2006 Soter Pinot Noir, North Valley, Oregon, USA. $31.99USD
Cherry red with pink edge. Aromas in the bramble/earthy spectrum over a mélange of strawberry and cherry. Its attractive, and even has varietal character. Light-medium in weight with expressive and yet delicate flavors on the palate and an excellent, supple mouthfeel. A nice little wine, still young, might grow into something you would want to spend some time with. Score: 2, 2, 3.9, 10.2=18.1/20, 90/100.
2006 Chambolle-Musigny AC, Roumier, Burgundy, France. $69.99USD
Light cherry red with pink edge. Subtle and seductive with violets, and geraniums, opening to licorice/anise. A little firmer and more aggressive on the palate than the Soter but all it needs it some time to soften. Has great length to the finish. Score: 2, 2, 4.1, 10.2=18.3/20, 92/100.
Chambolle-Musigny is one of the Cote-De-Nuits appellations and is devoted to red wine. It lies just south of Morey-St. Denis and is reputed to produce smooth, elegant wines. This commune level wine is not cheap but its quality is obvious. Still the Soter from Oregon stood up well against it. Like many New World pinot noir the Soter achieves its delicacy by being lighter in weight than wines from Burgundy which, in my experience, achieve elegance and depth while still being a solid mouthful of wine, at least when young.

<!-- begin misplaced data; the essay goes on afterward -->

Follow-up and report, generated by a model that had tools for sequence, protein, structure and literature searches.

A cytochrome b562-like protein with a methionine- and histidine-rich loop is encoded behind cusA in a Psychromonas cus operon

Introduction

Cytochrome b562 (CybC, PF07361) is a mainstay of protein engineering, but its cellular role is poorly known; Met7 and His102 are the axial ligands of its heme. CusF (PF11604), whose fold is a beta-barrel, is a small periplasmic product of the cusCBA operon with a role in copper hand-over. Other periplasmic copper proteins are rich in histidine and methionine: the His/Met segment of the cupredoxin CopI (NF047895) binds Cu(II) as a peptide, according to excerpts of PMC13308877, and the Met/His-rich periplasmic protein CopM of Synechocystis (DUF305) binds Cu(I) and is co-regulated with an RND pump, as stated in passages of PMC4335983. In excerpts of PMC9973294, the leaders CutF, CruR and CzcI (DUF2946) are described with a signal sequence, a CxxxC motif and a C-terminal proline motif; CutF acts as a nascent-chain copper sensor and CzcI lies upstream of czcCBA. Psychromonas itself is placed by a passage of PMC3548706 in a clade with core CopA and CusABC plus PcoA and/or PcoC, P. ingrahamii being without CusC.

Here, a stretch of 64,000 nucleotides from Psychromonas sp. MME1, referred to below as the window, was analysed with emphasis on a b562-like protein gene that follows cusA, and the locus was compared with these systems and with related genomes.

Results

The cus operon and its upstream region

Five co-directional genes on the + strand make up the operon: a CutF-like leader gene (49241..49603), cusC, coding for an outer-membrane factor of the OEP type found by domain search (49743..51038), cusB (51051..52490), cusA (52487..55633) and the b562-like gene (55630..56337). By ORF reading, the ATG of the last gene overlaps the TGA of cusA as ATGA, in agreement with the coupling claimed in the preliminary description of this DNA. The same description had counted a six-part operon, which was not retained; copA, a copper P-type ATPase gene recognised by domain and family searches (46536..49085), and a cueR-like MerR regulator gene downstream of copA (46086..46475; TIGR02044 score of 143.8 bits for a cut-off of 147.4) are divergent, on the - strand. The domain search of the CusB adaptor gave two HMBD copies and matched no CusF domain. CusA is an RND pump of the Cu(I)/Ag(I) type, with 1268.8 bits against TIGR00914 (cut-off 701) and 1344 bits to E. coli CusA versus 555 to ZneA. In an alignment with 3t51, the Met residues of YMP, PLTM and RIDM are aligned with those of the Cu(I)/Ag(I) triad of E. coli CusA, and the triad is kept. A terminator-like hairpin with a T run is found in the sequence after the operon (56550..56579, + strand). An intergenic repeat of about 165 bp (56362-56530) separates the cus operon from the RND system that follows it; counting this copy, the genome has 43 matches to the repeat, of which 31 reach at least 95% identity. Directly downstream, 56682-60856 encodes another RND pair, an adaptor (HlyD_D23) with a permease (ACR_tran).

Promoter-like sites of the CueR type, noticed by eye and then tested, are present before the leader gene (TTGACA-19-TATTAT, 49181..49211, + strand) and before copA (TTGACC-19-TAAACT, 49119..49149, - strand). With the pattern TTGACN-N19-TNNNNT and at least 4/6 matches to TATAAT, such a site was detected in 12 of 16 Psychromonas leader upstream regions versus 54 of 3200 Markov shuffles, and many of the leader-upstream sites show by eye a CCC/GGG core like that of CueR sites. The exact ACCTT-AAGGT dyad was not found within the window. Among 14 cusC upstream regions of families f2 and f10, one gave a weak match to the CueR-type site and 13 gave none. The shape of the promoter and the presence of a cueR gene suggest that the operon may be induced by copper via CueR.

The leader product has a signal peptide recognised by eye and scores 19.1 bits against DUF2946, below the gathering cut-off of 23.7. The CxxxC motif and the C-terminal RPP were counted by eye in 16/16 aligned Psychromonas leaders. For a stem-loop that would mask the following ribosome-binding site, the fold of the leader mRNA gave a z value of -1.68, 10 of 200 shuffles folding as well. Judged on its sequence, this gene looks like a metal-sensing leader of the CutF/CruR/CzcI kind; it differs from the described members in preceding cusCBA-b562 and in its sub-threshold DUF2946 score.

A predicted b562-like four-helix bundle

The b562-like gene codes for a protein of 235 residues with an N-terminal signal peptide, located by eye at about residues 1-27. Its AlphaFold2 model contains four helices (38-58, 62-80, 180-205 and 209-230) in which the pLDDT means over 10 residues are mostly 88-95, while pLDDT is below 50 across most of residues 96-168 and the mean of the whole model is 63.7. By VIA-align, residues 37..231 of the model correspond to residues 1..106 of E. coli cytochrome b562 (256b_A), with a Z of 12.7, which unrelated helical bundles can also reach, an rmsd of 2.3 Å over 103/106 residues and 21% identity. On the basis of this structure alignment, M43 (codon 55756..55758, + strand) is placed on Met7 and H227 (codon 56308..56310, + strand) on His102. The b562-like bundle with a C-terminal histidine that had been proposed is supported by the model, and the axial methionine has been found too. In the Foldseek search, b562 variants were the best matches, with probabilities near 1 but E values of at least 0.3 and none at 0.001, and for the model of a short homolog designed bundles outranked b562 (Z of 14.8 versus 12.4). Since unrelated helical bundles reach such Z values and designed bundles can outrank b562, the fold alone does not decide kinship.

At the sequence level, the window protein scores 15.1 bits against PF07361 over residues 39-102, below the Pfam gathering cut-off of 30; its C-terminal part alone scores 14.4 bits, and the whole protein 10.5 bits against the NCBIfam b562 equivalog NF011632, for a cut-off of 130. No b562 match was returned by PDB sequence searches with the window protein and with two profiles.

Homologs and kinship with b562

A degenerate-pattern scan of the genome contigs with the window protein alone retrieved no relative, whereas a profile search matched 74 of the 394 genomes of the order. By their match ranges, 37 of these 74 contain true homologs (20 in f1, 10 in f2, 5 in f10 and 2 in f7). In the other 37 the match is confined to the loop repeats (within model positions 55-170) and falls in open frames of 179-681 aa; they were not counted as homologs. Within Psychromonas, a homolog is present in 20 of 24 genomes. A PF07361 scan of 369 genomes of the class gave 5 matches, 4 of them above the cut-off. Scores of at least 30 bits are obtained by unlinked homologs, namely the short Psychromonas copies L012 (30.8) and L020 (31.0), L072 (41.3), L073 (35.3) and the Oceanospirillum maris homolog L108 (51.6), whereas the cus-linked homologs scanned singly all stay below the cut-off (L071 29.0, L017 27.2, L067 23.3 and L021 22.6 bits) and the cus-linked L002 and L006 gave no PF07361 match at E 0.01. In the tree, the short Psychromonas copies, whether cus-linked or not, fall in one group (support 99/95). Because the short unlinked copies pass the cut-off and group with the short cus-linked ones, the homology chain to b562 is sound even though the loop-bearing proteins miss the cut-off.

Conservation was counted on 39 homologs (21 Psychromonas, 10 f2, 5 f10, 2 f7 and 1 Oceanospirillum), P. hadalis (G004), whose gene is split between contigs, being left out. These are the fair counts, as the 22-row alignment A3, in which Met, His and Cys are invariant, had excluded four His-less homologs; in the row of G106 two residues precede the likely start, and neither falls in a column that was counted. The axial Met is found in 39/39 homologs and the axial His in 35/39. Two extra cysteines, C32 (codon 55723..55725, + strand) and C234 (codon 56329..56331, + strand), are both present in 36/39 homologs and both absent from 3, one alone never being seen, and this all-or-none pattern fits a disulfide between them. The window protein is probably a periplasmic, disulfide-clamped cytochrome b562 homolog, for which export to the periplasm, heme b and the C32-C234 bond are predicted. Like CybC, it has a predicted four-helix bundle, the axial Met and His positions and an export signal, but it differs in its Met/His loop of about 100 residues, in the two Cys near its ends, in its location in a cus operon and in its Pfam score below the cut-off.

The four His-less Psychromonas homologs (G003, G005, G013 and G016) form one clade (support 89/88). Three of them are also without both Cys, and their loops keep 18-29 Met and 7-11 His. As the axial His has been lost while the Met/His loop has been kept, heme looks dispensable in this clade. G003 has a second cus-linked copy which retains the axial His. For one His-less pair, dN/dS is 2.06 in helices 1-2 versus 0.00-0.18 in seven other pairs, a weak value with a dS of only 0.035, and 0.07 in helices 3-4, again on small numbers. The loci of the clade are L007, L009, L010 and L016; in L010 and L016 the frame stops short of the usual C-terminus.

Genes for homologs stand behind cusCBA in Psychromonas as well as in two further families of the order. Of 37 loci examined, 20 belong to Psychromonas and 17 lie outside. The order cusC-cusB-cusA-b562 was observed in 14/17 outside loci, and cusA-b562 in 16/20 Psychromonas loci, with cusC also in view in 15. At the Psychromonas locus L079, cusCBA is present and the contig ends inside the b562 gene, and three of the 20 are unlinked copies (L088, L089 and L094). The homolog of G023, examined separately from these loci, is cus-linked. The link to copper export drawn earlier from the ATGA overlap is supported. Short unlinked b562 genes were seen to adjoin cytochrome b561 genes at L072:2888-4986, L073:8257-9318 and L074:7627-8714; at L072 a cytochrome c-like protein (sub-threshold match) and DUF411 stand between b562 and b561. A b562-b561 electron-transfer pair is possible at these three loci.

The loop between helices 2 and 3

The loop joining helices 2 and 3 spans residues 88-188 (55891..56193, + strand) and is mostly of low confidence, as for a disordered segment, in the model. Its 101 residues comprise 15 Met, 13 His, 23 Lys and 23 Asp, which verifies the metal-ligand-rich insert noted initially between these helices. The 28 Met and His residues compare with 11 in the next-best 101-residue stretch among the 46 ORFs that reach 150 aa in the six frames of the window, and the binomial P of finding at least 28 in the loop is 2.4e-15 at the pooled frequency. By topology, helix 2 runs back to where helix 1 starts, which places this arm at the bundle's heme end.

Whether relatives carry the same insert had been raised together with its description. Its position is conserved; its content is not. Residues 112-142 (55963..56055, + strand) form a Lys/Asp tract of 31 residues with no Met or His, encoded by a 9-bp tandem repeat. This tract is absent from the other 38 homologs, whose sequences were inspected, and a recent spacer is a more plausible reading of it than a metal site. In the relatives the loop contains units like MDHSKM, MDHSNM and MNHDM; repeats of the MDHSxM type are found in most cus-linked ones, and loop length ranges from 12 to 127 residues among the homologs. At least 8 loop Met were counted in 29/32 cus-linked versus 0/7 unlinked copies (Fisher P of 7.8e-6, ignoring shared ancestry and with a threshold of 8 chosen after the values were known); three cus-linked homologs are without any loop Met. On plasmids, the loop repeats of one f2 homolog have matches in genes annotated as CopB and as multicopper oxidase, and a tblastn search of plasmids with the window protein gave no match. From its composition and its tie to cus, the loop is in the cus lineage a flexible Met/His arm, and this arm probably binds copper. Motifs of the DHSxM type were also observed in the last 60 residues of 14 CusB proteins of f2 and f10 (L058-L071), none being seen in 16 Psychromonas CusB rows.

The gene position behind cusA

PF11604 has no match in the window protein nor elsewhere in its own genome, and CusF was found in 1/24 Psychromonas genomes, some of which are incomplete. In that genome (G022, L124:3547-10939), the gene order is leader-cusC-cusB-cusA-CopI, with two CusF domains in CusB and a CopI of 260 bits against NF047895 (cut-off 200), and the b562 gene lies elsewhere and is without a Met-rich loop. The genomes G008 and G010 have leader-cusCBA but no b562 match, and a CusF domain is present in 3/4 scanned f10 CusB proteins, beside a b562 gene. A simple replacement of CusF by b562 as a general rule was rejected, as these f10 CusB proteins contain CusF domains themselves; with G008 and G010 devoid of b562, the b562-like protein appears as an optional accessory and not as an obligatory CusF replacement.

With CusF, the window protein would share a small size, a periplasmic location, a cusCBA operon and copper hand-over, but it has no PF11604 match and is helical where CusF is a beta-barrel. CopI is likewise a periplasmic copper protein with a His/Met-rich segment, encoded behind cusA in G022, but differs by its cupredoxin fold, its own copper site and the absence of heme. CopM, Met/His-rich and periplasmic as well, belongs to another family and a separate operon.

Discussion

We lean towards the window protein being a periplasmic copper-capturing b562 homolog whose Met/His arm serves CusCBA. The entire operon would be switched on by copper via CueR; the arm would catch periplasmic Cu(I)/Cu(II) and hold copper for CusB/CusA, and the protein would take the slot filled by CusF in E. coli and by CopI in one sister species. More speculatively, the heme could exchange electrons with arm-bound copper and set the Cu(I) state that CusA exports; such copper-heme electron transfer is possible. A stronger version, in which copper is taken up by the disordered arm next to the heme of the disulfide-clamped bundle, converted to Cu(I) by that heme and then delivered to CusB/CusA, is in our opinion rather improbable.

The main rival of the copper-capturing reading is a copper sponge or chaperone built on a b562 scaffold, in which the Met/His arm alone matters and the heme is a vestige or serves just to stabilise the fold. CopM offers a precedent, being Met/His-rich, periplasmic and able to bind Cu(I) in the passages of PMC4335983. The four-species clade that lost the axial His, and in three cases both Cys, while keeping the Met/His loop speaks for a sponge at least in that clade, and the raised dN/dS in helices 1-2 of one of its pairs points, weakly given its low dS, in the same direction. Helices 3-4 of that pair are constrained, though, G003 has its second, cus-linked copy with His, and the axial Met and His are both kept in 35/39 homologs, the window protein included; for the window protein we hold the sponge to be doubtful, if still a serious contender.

2005 Whitehall Lane Cabernet Sauvignon, Napa, California, USA. $29.99USD
Deep dense cherry red with red/mahogany tinge to the edge. Slightly all over the place with banana peel, cassis, dusty oak and a little gluey note. Full bodied and very expressive with nice carry of flavors. An attractive, well balanced Cabernet although a little simple in style. Score: 2, 2, 3.7, 10.0=17.7/20, 88/100.
2005 Chateau Petit-Village, Pomerol, Bordeaux, France. $54.99USD
Deep dense cherry red with a red/mahogany tinge to the edge. More spicy notes, cinnamon dusty well integrated oak, and a bottom note of violets. A little lighter in weight that the Whitehall Lane but with better structure and carry of flavors onto the palate. Its also a more drink now style but it has decades ahead of it. Score: 2, 2, 3.9, 10.2=18.1/20, 91/100.
Chateau Petit-Village is an unclassified vineyard in the Pomerol region of Bordeaux; wines from the Pomerol region are not classified. Chateau Petit-Village comprises an 11 hectare vineyard made up of 75%Merlot, 17% Cabernet Sauvignon and 8% Cabernet Franc. In contrast the Whitehall Lane Cabernet, while also a blend, is 82% Cabernet Sauvignon, 15% Merlot, and 3% Malbec. So here is a comparison between a Cabernet dominant wine versus one made mostly with Merlot, and of course from different parts of the world. The Whitehall Lane is an entry level wine and their Reserve label might have provided a better comparison but it is possible to see the Cabernet in the wine with cassis and the weight of the wine. In contrast the Ch. Petit-Village is a little lighter and softer in the mouth with less evidence of Cabernet character, and is more drinkable now. And is worth twice the price of the Whitehall Lane as it is definitely a better wine and more likely to reward long term cellaring.